IOTA

Current Price $1.96 USD
Market Cap $5.46 Billion
Volume (24 hr) $102.54 Million
Change
1 Hour
-0.99%
24 Hours
+8.33%
7 Days
+44.58%
Exchange
Currencies
Fees
Fiat?
88
0.5%
247
0.1%

IOTA is a product of the German-based nonprofit, the IOTA Foundation, formed in 2015 by David Sønstebø (business and technology expert), Sergey Ivancheglo, Dominik Schiener, and Dr. Serguei Popov (Ph.D in mathematics). These four remain the most notable of IOTA’s team; each of them has been involved in the crypto community for years.

IOTA “enables companies to explore new business-2-business models by making every technological resource a potential service to be traded on an open market in real time, with no fees.” (iota.org) IOTA was created as a platform that machines and existing systems can use to transact and communicate with one another.

Using IOTA, machines can trade precise amounts of resources and data in real time and with no fees. IOTA’s “distributed ledger” can also be used to securely store and verify data recorded by automated sensors and dataloggers.

IOTA Value, Market Cap and Volume

Since IOTA was introduced in mid-2017, it has risen to become one of the largest cryptocurrencies in the industry. It is currently sitting in the top 10 cryptos based on market cap, which at the time of this article was just under $2.5 billion USD.

On a daily basis, between $1,000,000 USD to $200,000,000 USD total IOTA is traded across all major crypto exchanges. With all that said, its price is still under $1.00 USD at the moment, making it one of the most affordable cryptocurrencies. Its price and market cap are most comparable to currencies like Ripple, EOS and BitShares.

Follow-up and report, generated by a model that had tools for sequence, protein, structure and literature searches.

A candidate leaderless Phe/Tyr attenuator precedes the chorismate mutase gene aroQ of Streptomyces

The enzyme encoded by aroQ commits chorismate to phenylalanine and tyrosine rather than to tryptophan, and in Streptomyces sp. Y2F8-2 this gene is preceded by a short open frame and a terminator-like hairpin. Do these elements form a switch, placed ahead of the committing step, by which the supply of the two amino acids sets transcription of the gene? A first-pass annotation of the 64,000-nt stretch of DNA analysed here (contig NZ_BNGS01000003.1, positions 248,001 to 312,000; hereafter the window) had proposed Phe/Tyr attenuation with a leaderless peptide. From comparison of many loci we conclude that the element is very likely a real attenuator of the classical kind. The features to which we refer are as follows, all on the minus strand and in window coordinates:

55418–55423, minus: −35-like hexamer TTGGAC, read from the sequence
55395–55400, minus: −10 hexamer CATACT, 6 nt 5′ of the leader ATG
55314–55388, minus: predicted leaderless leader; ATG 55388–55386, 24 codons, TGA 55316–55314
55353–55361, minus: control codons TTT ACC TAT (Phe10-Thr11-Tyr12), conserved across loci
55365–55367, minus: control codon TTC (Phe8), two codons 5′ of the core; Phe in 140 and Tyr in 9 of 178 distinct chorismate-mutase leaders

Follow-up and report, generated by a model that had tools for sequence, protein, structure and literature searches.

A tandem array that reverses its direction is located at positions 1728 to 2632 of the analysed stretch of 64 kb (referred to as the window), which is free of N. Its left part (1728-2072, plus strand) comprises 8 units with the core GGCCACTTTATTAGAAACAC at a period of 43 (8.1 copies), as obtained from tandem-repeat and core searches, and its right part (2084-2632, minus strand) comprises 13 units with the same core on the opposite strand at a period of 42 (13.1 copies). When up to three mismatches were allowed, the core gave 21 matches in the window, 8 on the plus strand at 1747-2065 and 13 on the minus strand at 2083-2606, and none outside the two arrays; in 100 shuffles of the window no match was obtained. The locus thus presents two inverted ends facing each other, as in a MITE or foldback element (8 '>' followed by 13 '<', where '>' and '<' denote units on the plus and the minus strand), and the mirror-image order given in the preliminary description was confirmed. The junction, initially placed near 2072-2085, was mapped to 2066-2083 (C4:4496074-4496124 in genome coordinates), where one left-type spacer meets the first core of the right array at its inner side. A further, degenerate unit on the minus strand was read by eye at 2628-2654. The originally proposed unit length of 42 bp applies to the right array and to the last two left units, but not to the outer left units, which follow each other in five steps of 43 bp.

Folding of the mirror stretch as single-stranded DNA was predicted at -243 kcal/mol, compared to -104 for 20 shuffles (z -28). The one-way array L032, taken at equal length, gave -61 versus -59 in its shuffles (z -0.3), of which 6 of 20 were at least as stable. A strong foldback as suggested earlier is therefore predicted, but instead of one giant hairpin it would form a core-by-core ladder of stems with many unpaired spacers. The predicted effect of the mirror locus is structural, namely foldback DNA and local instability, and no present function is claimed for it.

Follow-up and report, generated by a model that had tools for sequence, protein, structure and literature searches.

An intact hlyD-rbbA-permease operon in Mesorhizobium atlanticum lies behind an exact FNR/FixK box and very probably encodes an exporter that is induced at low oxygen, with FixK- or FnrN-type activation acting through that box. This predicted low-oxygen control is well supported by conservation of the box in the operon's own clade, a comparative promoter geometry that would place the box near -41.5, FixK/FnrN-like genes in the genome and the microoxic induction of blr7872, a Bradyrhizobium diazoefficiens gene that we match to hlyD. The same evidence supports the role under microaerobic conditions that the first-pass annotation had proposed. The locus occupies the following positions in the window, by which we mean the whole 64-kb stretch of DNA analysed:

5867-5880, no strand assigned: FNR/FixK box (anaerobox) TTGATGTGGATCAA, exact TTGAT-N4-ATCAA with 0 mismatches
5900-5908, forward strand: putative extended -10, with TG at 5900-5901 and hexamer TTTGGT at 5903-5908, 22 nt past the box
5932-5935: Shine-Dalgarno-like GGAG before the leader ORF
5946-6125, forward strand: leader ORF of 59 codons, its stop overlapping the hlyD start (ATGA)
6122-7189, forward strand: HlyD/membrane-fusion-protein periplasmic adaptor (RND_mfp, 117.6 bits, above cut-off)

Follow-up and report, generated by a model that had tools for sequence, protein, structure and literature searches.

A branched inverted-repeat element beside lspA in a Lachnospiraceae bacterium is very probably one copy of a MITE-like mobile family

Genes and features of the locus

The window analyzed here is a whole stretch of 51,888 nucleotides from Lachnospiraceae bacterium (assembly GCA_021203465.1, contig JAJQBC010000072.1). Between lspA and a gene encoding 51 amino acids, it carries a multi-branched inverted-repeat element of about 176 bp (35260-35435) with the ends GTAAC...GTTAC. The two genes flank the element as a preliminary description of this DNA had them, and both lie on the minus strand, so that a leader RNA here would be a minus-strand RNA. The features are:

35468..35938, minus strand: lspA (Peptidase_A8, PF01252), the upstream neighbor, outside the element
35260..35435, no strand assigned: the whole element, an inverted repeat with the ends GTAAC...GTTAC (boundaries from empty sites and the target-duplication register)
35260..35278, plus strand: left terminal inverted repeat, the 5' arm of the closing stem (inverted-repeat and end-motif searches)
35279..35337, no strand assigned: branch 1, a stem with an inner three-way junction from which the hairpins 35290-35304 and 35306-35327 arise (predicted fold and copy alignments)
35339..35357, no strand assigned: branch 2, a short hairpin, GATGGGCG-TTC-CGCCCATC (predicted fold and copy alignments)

A Cryptocurrency with No Blockchain

IOTA is the only cryptocurrency that does not use a blockchain. Instead, it uses another kind of network, called a Tangle. According to IOTA’s website, the benefits of using Tangle include “zero fees, infinite scalability, fast transactions, secure data transfer and many others.” “Many others”, such as pay-on-demand and micropayment functions; IOTA was created to be “the backbone of the internet of things”, and supports secure machine-to-machine (m2m) communication.

First- and second-generation blockchains like Bitcoin and Litecoin use transaction fees as a way to keep users from “spamming” the network. A single transaction on the Bitcoin network costs approximately $0.50. This traditional model presents a potential issue for widespread, mainstream use of Bitcoin as a replacement of fiat. The high volume of transactions that would be caused by many smaller payments would, in turn, cause a high volume of fees.

IOTA solves this problem by being a zero-fee currency. The transaction fees on the Bitcoin network may discourage users from using Bitcoin for smaller, everyday purchases. IOTA has no transaction fees, and is therefore much better-suited to practical and m2m use.

Tangle Network with No Miners

Since IOTA does not rely on miners, it is resistant to centralization. Currencies like Bitcoin, which have large blockchains, can only be practically mined by entities that have access to rooms full of high-powered and expensive equipment.

IOTA’s Tangle network is split into small blocks that are connected in a nonlinear faction. Mining is not necessary–the Tangle network is split apart into tiny pieces (a “distributed ledger”) that allow the network to be supported by a variety of mobile and desktop devices. Users and miners on the Tangle network are one and the same; blocks are mined automatically with each transaction.